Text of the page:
John's Journal...

Hunt Your Buck Deer Indian Style for Success with Bowhunter Larry Norton

Day 4: Camouflage Your Stalk for Deer by Wearing Mossy Oak Camo and Odor Eliminating Products and Walking Like a Whitetail

Editor’s Note: Stalk-hunting deer with a bow was the way of the early Americans. Indians were deadly effective at taking game by using a bow. However, today, because of our hurry-up society, most hunters can’t refrain from walking too fast to stalk successfully.

Click for Larger ViewNow that you know how to walk and stalk a deer, you must prepare for the hunt. This preparation also is critical to your ability to get-in close enough to take a shot at a buck with a bow. “I begin by bathing with some type of odor-eliminating hair and body soap,” Larry Norton, a hunting guide and part owner of The Shed Hunting Lodge, says. “I wash my body and my clothes in this product to eliminate human odor and to put odor barriers in my clothing. Next, I use either fox scent deer lure on my feet and my hat to mask whatever human odor my body gives off after using an odor eliminator.” Norton chooses Mossy Oak camo. Click for Larger ViewHe wears a hat, gloves and a mask when he stalks a deer. “I want to be as invisible as possible,” Norton emphasizes. “In the South where I hunt, there always is some type of green in the woods year-round. Along the edge of thickets, you’ll see greenbrier, Japanese honeysuckle and water oaks that still are holding green leaves. Even out in the hardwood bottoms, many times patches of honeysuckle, briars or other green foliage that matches the green leaves of the Mossy Oak camo I’m wearing will be present.

“Another reason I prefer Mossy Oak with its leaf-pattern camo is because I’m moving when I stalk. If I’m hunting in the wind, the wind will cause the leaves of the foliage to move, like I’m moving, whereas the bark of a tree can’t move. Therefore, if I wear a total-bark-pattern camo, the deer will be more likely to spot me. I’m convinced when you’re stalking deer, utilizing a leaf-pattern camo will mean you’ll be less likely to spook deer than if you wear a total vertical pattern that resembles a tree trunk. If I see a deer 80- to 100-yards away, I mentally decide that 45 minutes to one hour will be required for me to get close enough to that deer to take a shot.” As Norton slips through the woods toward the deer, he makes mental notes of the way the buck behaves – whether he’s calm, nervous, feeding or walking. Norton also keeps-up with the wind’s direction and only will attempt a stalk when he can move into the wind or when he has a crosswind that keeps his scent away from the deer’s nose. “A slight wind helps to cover any sound you may make,” Norton reports. “Too, the wind causes trees and bushes to move, which also hides my movement.”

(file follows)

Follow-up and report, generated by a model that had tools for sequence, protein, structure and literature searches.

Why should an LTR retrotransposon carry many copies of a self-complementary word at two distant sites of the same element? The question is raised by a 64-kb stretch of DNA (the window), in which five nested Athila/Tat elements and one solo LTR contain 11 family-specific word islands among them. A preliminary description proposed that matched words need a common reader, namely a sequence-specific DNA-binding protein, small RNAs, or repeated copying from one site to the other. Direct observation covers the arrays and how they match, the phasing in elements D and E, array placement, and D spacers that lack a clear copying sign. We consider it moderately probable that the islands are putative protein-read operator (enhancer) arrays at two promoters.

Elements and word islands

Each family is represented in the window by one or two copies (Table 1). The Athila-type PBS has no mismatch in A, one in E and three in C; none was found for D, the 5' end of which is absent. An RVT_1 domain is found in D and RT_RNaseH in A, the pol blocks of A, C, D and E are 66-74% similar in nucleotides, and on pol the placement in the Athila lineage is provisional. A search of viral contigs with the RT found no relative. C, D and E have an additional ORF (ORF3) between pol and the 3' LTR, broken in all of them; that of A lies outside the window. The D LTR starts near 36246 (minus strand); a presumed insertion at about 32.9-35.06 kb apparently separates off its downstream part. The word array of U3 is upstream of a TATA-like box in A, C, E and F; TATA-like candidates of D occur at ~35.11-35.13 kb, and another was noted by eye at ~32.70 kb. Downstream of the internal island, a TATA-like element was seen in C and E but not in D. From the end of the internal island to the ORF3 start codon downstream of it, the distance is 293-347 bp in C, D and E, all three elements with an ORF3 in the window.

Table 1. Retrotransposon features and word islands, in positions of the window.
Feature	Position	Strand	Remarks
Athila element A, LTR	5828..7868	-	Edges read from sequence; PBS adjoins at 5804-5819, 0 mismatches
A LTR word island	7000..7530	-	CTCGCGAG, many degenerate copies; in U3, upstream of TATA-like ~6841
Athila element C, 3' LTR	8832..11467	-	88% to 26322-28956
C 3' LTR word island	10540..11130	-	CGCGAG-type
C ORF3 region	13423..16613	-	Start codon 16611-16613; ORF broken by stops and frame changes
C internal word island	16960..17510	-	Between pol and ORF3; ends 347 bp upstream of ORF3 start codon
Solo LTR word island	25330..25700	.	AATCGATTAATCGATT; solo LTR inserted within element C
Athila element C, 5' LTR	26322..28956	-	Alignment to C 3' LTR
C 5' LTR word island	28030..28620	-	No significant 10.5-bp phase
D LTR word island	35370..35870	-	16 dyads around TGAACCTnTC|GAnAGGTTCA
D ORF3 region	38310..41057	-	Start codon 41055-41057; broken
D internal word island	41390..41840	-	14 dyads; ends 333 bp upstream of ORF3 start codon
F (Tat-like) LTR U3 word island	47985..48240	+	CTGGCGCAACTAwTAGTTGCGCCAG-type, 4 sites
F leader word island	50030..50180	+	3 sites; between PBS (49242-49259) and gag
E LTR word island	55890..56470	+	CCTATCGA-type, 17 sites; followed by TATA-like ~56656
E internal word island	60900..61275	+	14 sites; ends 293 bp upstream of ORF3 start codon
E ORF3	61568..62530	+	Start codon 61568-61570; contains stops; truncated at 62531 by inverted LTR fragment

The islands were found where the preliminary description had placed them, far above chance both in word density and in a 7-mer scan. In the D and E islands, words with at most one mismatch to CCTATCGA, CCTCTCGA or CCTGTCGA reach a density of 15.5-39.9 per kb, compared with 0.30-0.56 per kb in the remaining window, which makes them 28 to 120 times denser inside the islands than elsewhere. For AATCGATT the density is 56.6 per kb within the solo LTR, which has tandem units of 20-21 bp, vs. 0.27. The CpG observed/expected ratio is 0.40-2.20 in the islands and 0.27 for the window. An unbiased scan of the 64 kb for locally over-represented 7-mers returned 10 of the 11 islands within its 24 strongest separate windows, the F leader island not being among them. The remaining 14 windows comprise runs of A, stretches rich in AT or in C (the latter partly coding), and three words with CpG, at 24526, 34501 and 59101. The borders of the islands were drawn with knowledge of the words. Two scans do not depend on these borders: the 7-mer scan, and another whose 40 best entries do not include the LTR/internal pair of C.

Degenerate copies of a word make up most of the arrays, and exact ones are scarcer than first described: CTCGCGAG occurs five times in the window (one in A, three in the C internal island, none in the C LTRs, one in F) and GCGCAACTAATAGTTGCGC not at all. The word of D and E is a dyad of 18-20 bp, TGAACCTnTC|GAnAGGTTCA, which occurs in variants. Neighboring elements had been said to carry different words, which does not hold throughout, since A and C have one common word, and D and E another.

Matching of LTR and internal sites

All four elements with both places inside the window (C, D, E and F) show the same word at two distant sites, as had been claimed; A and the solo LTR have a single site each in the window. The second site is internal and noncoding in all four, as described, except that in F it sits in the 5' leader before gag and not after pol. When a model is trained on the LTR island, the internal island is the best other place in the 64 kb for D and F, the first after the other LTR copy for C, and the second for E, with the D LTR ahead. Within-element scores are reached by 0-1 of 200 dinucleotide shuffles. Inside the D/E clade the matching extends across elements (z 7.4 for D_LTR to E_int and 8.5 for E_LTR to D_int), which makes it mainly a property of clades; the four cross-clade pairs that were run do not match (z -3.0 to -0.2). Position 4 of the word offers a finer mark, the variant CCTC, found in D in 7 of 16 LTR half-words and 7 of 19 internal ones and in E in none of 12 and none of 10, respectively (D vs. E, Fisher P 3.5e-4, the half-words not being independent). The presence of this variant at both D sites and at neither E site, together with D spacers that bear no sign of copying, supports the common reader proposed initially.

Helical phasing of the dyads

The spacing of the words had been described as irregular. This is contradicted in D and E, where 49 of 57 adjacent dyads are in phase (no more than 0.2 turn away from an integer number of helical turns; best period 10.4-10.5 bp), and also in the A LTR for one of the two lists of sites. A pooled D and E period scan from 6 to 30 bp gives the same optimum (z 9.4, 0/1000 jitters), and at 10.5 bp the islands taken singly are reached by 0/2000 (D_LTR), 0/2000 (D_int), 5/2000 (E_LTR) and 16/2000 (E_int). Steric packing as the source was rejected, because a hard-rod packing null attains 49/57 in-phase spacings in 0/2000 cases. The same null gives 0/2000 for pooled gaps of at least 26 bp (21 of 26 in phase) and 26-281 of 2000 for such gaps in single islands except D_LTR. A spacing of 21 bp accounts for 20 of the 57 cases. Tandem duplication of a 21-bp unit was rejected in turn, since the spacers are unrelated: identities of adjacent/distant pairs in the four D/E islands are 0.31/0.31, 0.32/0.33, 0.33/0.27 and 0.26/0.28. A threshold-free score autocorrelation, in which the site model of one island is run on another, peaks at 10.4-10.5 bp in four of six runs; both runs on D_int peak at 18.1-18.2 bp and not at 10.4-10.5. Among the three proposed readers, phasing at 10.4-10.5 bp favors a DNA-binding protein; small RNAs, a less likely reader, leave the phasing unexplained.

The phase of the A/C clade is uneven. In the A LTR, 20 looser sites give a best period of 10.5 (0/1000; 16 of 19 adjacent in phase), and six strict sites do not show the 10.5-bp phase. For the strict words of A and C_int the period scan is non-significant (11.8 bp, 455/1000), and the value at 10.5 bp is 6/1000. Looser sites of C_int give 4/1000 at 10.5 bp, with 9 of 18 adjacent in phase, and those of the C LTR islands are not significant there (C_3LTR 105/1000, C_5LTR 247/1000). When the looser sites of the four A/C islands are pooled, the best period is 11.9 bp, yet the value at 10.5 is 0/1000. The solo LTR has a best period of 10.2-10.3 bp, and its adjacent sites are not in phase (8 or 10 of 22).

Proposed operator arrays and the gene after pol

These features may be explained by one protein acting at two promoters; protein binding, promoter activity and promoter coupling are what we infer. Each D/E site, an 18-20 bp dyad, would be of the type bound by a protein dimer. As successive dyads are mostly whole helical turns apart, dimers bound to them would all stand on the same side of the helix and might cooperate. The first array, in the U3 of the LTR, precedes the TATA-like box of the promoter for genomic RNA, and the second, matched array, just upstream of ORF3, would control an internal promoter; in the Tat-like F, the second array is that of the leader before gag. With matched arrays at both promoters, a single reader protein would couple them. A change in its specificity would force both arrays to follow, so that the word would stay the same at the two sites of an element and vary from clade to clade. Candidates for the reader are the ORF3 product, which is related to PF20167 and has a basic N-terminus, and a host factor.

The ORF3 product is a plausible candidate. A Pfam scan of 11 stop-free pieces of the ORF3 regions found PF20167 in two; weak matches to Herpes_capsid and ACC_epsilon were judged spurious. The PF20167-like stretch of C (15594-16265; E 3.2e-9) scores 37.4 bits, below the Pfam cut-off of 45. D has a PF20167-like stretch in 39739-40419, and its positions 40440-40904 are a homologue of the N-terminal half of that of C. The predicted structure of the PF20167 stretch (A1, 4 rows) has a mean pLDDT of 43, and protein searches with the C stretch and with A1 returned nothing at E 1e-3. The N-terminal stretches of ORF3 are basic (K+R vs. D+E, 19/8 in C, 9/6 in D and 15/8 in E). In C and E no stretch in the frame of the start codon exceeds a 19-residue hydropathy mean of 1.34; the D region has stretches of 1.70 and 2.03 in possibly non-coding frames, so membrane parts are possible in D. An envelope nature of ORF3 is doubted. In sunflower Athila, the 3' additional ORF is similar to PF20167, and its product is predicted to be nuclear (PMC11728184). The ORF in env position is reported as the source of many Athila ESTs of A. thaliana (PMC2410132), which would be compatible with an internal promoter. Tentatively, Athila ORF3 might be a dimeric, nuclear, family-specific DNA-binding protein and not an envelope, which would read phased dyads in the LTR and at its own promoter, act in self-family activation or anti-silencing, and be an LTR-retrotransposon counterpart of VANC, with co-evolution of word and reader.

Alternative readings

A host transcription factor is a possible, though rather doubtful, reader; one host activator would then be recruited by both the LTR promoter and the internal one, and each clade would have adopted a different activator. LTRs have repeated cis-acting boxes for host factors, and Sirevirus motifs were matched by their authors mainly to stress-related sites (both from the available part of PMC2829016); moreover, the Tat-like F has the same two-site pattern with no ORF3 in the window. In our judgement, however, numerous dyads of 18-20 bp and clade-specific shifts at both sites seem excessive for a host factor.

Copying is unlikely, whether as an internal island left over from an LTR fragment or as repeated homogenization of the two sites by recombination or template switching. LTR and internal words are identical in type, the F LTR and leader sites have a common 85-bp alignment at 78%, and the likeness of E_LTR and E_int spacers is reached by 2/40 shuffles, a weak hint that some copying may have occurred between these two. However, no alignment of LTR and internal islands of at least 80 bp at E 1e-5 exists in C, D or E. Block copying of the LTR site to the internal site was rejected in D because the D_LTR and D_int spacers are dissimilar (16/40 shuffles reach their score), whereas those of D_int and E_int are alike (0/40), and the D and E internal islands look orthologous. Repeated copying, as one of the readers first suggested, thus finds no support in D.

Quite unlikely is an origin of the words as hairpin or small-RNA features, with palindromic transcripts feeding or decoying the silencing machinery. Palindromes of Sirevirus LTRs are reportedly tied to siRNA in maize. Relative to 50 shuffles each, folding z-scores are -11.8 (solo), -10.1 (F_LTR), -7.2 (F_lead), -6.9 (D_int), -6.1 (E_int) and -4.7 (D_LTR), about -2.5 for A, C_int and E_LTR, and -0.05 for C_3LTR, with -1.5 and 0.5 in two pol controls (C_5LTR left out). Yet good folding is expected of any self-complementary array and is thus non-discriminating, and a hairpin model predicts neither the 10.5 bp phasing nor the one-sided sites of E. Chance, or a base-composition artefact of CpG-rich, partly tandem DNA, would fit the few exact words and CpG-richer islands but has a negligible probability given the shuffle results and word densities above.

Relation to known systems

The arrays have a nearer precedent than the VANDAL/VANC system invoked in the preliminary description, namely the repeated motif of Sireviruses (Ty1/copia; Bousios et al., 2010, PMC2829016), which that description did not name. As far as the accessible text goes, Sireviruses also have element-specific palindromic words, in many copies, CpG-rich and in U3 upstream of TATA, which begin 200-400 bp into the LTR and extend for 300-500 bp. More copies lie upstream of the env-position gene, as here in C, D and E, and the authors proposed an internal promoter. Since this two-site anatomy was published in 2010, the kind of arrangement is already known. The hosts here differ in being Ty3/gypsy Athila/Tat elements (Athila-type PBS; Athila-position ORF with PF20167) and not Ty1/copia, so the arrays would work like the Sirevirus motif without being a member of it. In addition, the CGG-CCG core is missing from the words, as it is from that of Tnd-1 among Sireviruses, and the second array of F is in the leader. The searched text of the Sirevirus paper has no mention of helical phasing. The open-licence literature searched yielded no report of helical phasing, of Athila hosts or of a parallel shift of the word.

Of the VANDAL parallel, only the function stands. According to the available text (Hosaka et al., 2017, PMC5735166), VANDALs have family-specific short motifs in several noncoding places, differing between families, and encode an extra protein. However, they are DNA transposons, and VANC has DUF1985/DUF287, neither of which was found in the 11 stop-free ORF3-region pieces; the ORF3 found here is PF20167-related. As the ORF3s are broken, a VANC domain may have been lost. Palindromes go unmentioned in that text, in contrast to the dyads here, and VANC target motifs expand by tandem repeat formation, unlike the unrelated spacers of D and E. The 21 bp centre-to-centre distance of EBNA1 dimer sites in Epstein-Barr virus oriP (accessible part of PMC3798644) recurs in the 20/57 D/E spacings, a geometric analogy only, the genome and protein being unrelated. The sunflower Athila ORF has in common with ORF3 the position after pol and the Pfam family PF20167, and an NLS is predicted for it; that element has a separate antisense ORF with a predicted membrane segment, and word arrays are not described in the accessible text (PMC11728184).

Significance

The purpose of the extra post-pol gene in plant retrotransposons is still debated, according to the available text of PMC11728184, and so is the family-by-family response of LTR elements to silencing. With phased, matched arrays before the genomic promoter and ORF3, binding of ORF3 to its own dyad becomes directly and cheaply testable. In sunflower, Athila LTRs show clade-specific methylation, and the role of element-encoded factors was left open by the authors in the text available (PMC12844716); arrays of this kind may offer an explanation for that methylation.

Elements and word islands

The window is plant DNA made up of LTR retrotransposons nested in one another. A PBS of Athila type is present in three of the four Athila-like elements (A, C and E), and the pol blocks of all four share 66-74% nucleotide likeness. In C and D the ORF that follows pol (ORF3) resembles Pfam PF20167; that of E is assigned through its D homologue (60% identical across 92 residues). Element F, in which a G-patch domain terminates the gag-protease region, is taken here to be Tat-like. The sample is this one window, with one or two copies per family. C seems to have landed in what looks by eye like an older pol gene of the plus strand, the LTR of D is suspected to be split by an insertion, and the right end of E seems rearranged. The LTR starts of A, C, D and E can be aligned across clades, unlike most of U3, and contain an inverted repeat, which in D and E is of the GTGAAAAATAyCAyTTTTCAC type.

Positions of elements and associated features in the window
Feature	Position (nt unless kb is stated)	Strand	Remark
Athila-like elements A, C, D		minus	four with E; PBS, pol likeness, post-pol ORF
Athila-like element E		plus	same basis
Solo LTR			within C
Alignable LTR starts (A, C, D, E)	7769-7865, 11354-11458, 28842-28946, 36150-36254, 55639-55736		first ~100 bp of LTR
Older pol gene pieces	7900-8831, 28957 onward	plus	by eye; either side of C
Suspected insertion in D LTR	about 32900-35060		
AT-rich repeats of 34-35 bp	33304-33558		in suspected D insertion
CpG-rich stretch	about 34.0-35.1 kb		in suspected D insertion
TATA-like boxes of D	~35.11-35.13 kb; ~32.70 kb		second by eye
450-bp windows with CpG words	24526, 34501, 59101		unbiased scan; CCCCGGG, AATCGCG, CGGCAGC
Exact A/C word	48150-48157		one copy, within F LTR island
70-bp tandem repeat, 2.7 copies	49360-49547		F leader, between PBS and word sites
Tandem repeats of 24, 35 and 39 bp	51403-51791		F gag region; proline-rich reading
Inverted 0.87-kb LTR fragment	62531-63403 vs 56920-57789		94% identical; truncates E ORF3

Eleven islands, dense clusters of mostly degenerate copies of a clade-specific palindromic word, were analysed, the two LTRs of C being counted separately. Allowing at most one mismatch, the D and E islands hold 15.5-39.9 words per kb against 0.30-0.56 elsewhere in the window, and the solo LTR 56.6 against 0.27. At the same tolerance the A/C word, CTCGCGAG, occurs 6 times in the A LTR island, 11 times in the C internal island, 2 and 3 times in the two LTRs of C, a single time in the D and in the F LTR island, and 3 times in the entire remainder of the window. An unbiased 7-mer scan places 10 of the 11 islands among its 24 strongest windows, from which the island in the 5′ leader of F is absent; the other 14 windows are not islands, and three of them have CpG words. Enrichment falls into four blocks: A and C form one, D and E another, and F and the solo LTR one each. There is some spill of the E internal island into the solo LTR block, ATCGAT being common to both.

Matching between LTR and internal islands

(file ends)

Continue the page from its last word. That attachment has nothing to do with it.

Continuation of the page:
Click for Larger ViewAs Norton walks, he never looks down. He uses the soles of his feet as his eyes to determine what’s on the ground where he’s placing his boot and his eyes to concentrate on the deer. According to Norton, “I’ve learned some general rules of deer behavior that are beneficial to me as I stalk. Most of the time, a deer will swish its tail back and forth before it lifts its head to look around. Generally a deer also will swish its tail back and forth before it puts its head back down to feed again. If the deer is undisturbed and not nervous, the animal usually will keep its head down feeding for at least 5 seconds at a time. When I see a deer’s head go down, I start counting the seconds off. I attempt to take my steps within that 5-second window when the deer’s head is down. Although the deer may keep his head down longer than 5 seconds, I never assume he will. Click for Larger ViewIf the deer’s head is down for 3 seconds, and I see his tail swish, I’ll stop my stalk short of my 5-second limit.” Norton uses fox urine as a cover-up scent. Then if the wind changes as he’s stalking, he believes the fox urine will help prevent deer downwind of him from smelling him and giving the alarm snort that will spook the deer he’s trying to bag. “As you move through the woods, whenever possible, keep a big tree between you and the deer you’re stalking,” Norton says. “Then, when a deer looks in your direction, he only will be able to spot a portion of you rather than seeing your entire outline.” To learn more about The Shed Hunting Lodge, go to; call (334) 341-1415, (334) 247-2444 or (205) 459-2614; or write: The Shed Hunting Lodge, 253 Pleasant Hill Road, Gilbertown, AL 36908.

Tomorrow: Larry Norton’s Secret to Success When Stalk-Hunting Deer

Check back each day this week for more about "Hunt Your Buck Deer Indian Style for Success with Bowhunter Larry Norton"

Day 1: Larry Norton Explains How to Hone Your Stalk-Hunting Skills in Pre-Season Scouting
Day 2: When and Where to Find Deer to Stalk
Day 3: Bowhunter Larry Norton Explains the Walk of the Stalker
Day 4:Camouflage Your Stalk for Deer by Wearing Mossy Oak Camo and Odor Eliminating Products and Walking Like a Whitetail
Day 5:Larry Norton’s Secret to Success When Stalk-Hunting Deer


Entry 580, Day 4